Imitating Stephen Hawking is a bold move, but doing it with wit and satire is an endearing statement. Hailing from Gloucester, Massachusetts is musician Ken Lawrence whose better known moniker is M.C. Hawking. In the early 2000s, Lawrence created this alter-ego by producing tracks using the synthesized text-to-speech program made famous by Hawking. Lawrence's music is not a parody of the great physicist but rather an act of reverence for his contributions to the world of science.
Lawrence quickly became an internet sensation, especially amongst the "nerdcore" community. Tracks such as "The Hawkman Cometh" and "Entropy" went viral and received international interest from both the music and science community. This lead to a record deal with Brash Music with whom he recorded and released his debut album, M.C. Hawking: A Brief History of Rhyme. Lawrence will be releasing the video for his newest track, "Fear of a Black Hole" with fellow nerdcore rapper, M.C. Lars, next week which is off of his forthcoming fall LP, The Hawkman Returneth.
Though his lyrics are insightful, witty, and humorous, his satirical style is most appreciated by a very niche community and so may not be understood by the everyday hip hop listener. That being said, M.C. Lawrence is not a manufactured superstar who is mass producing music and beats to sell out stadiums and records but instead is blazing his own path, a path whose foundation is science and those who tread upon it are its devotees.
While Lawrence's career was successfully taking off, the pinnacle occurred when he was invited to the 2016 STARMUS Festival in the Canary Islands of Spain to perform live for the actual Stephen Hawking. This year's festival, which will take place from June 27th to July 2nd, is being held to commemorate the many achievements of Stephen Hawking. The STARMUS Festival was founded in 2011 by world-renowned astrophysicist Garik Israelian as a place to celebrate science, culture and music with presentations from astronauts, cosmonauts, Nobel Prize winners and various other prominent figures. "It is an honor to perform not only for Professor Hawking, but to other legendary scientists, musicians, and world dignitaries," says Lawrence. "Professor Hawking is a pillar within the scientific community and it still feels surreal that I will be performing for him."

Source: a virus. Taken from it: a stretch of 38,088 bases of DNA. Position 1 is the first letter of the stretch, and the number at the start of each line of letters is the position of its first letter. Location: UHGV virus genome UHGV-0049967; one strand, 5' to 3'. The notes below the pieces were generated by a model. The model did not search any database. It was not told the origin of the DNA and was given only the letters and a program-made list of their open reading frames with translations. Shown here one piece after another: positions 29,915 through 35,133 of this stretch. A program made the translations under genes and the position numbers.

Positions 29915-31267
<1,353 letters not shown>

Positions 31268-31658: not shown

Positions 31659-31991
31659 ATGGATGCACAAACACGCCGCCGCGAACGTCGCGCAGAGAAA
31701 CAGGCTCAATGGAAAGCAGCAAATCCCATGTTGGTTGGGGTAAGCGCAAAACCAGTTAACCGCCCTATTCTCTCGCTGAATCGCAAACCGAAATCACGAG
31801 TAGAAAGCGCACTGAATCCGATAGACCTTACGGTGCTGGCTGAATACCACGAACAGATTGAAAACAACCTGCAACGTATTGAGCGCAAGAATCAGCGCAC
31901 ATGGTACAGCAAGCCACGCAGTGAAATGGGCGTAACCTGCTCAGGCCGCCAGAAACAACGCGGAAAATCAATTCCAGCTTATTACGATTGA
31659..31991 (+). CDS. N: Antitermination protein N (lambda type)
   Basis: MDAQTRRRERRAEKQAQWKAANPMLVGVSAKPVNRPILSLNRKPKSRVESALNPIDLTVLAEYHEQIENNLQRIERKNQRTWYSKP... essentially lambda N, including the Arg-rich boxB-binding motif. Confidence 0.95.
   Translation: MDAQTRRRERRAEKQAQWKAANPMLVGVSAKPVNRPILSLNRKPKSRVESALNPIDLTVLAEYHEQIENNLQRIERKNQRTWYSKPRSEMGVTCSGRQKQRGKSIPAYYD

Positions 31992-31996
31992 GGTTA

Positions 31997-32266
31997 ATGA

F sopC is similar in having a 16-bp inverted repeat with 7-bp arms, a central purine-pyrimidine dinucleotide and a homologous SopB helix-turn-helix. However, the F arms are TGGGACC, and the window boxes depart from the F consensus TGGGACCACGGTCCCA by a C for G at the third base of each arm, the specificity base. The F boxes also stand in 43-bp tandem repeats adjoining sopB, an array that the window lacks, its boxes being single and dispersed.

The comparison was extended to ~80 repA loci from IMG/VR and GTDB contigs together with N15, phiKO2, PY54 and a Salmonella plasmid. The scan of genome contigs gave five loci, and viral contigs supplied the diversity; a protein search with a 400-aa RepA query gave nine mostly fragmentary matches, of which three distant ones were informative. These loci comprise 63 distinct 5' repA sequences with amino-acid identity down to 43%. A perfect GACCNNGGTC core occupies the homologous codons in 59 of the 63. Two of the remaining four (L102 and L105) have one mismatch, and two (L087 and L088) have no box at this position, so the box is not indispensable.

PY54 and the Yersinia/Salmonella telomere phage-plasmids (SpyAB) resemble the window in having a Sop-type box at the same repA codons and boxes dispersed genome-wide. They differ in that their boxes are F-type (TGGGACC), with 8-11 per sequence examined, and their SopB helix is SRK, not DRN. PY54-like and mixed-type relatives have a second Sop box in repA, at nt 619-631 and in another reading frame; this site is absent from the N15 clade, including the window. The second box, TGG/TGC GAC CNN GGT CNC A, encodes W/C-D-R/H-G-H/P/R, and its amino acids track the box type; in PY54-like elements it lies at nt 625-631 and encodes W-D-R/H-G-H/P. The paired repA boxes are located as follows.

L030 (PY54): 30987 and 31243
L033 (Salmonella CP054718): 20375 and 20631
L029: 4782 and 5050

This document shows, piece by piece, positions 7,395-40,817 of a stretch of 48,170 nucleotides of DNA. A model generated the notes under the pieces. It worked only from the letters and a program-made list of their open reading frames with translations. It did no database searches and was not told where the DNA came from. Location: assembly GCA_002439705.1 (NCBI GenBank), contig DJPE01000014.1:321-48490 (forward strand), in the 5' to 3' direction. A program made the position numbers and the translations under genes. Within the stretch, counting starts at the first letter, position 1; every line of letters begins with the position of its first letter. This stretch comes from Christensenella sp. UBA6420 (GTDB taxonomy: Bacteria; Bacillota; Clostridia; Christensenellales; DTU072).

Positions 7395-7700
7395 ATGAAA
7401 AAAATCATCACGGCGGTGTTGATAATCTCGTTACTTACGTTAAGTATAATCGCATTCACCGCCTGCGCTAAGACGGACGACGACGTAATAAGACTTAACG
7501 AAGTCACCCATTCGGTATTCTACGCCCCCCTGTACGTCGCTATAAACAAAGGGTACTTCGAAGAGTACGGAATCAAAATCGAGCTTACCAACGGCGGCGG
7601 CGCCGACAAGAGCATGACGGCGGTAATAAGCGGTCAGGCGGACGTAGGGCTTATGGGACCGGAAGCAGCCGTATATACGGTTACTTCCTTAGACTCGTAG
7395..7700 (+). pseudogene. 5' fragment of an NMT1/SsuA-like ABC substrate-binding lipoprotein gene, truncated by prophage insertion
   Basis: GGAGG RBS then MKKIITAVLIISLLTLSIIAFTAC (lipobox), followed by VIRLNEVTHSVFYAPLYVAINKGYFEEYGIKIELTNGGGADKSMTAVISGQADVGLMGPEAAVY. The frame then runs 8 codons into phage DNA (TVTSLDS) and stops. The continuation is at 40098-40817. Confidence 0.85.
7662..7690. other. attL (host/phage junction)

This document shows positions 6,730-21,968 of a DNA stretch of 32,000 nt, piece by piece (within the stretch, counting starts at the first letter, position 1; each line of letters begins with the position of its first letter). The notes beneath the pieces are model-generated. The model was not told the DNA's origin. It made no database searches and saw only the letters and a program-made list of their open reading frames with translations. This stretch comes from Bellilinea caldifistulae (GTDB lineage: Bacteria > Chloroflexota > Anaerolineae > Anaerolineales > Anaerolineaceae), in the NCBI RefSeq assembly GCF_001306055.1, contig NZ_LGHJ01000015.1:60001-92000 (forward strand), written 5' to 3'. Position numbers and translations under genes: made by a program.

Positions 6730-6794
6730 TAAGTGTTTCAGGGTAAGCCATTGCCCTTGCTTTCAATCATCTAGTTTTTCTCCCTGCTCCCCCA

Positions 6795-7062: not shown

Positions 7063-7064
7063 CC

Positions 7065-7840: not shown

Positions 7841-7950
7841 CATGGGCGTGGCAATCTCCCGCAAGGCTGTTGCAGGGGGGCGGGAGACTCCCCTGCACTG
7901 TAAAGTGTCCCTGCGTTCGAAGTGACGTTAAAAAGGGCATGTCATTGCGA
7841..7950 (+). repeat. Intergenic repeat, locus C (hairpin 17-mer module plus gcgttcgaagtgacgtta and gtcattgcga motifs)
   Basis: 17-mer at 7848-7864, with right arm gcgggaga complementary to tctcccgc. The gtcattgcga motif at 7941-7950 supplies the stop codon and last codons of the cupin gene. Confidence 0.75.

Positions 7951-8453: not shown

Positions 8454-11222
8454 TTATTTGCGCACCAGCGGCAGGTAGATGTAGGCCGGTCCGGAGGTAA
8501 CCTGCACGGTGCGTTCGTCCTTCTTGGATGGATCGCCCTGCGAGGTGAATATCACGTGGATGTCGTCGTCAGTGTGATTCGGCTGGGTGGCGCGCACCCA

M.C. Hawking will be performing as part of a space-themed concert that will include other musicians such as Academy Award winning composer Hans Zimmer, Grammy Award winning soprano Sarah Brightman, Grammy Award winning musician and producer Brian Eno, as well as many more talented musicians who will be sharing their cosmic compositions. Retired astronaut Chris Hadfield who was the first person to record a song in space, will be performing his famous version of "Space Oddity" which was even given the David Bowie stamp of approval.
In addition to music, there will be a series of lectures by notable figures such as scientist/author/television personality, Neil deGrasse Tyson and of course from the man of the hour, Stephen Hawking himself. Attendees were even given an opportunity to submit questions in advance to be presented to and answered by Hawking during the lecture. The STARMUS Festival is not only for the scientific community but for the world, as it celebrates the achievements born of human curiosity. The people who followed their wonder and curiosity eventually reached great milestones in science and produced profound works of literature, music, art, and media. In the words of M.C. Hawking: "Maybe there is still hope for the young, if they reject the dung being slung from the tongues, of the ignorant fools who call themselves preachers, and listen instead to their science teachers."